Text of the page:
Midland Credit sent Ms. Knight the letter in an attempt to encourage her to make payments on her Capital One debt. Depending on Ms. Knight's payment selection, Midland Credit explained it would report her account as "Paid in Full" or "less than the full balance." Read in context, it would be a "bizarre and idiosyncratic interpretation" to conclude Midland Credit would report the satisfaction of Ms. Knight's debt to anyone other than a credit reporting agency. Even the "least sophisticated debtor" understands outstanding debts and payments on those debts impact a debtor's credit report. Ms. Knight's argument a debtor may be more or less inclined to pay a debt depending on whether a report is sent to a creditor or credit reporting agency is entirely speculative. We have no basis, and Ms. Knight offers none, to find a debtor would more likely pay a bill based on who she pays. In an era of general awareness of credit scores, including nationally broadcast advertising and applications for mobile devices providing instantaneous credit scores, we have no reason to find the recipient of a paid bill will make a difference. This is not a decision as to whether to pay cash to one handyman vendor over another hoping one will come back the next time you need help. Ms. Knight is facing a credit card debt to Capital One. In this context, the least sophisticated debtor standard recognizes the recipient of the payment will report the payment for credit purposes. Ms. Knight's challenge to the word "report" fails.

         2. Midland Credit describes when Ms. Knight's debt will be reported "Paid in Full" or "Paid in Full for less than the full balance."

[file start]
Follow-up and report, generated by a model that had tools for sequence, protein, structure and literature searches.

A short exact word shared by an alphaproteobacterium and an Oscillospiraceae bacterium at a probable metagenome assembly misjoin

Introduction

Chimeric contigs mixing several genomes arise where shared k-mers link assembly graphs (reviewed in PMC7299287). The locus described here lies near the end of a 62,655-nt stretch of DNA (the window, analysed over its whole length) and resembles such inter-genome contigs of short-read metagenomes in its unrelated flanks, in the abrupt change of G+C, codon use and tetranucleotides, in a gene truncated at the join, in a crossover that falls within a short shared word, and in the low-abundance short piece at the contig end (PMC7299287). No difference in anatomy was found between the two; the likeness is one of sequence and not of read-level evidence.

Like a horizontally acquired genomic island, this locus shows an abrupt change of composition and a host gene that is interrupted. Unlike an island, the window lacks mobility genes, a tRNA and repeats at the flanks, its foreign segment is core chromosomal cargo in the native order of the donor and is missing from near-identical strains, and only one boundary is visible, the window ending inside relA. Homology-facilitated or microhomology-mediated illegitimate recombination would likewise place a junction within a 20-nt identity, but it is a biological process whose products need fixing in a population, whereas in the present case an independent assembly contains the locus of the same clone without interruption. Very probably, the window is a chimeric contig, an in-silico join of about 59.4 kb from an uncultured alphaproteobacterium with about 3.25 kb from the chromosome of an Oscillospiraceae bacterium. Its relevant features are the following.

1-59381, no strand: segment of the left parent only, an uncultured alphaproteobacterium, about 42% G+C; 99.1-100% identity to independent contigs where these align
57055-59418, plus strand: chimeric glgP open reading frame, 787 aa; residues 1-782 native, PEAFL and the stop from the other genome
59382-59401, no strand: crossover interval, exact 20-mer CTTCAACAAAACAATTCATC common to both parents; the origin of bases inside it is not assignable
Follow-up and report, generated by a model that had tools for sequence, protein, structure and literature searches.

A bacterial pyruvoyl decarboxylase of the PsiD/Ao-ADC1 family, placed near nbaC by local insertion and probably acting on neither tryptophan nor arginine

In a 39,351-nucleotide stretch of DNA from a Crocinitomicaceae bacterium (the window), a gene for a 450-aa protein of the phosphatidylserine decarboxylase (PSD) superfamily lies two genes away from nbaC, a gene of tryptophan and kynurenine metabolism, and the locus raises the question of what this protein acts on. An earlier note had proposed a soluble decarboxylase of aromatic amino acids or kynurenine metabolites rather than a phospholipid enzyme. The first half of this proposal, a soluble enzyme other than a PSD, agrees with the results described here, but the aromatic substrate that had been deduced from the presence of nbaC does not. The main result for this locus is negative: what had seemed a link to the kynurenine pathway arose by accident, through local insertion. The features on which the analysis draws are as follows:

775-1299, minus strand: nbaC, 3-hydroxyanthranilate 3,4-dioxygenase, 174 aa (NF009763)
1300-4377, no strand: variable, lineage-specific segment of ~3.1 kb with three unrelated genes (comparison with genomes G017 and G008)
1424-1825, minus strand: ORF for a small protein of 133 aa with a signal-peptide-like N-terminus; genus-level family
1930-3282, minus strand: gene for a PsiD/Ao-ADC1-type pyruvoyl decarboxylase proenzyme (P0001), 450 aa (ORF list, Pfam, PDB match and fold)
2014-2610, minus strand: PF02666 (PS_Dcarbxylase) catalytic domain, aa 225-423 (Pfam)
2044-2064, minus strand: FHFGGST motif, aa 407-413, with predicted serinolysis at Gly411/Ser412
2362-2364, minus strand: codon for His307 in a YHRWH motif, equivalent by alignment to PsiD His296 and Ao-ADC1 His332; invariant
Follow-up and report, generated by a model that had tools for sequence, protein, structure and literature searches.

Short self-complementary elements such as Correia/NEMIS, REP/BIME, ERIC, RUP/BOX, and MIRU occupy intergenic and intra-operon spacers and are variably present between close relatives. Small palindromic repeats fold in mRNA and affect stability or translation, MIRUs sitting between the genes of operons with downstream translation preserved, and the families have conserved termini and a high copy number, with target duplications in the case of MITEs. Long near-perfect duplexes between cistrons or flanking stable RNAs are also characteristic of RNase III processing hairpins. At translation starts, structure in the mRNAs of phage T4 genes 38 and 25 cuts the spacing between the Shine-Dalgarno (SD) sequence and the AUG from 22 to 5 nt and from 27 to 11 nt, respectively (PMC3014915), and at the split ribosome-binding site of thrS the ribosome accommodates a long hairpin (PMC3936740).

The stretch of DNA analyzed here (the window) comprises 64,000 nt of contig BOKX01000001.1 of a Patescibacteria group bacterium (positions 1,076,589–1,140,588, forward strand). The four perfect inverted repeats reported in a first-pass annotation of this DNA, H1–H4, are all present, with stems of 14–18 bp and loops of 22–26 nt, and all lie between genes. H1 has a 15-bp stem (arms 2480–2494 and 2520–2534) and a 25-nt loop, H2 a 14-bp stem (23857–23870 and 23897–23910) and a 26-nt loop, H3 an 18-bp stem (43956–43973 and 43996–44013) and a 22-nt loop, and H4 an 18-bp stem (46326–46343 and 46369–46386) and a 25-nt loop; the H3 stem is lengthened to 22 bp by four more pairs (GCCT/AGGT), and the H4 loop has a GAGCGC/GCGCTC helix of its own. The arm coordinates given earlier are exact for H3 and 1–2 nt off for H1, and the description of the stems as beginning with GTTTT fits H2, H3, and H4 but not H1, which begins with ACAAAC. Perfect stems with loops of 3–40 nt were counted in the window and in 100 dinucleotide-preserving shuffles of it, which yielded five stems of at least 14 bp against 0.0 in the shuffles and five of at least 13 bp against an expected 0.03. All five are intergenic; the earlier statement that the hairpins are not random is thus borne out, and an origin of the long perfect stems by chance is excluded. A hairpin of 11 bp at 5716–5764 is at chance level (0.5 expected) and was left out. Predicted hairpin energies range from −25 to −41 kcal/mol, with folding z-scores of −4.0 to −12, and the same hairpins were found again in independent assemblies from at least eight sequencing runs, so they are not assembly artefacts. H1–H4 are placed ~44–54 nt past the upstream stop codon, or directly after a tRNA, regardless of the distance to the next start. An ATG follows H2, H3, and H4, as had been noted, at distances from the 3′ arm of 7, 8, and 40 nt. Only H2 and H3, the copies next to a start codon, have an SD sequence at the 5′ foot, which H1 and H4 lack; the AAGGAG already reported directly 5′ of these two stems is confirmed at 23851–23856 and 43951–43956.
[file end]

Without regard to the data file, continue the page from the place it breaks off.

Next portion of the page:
Ms. Knight argues Midland Credit's letter is false, deceptive, and misleading because it is ambiguous when her account will be reported as "Paid in Full" or "Paid in Full for less than the full amount." Midland Credit argues its letter is clear as to which payment options allow Ms. Knight to settle her debt by paying less than her full account balance and which option requires Ms. Knight to pay her full account balance. We agree with Midland Credit.

         A debt collection letter which offers a debtor the chance to settle debts by paying less than the full account balance and offers to report such discounted settlements as paid in full is misleading.[28] In Michael, the plaintiff received a debt collection letter which stated he could settle his debt by paying an amount less than the full balance, and this payment would be considered settlement in full for the accounts.[29] The plaintiff claimed this statement was false and misleading as debts settled for less than the full amount are reported to credit bureaus as settled for less than the full amount. The court found the plaintiffs allegation sufficient to survive dismissal.[30]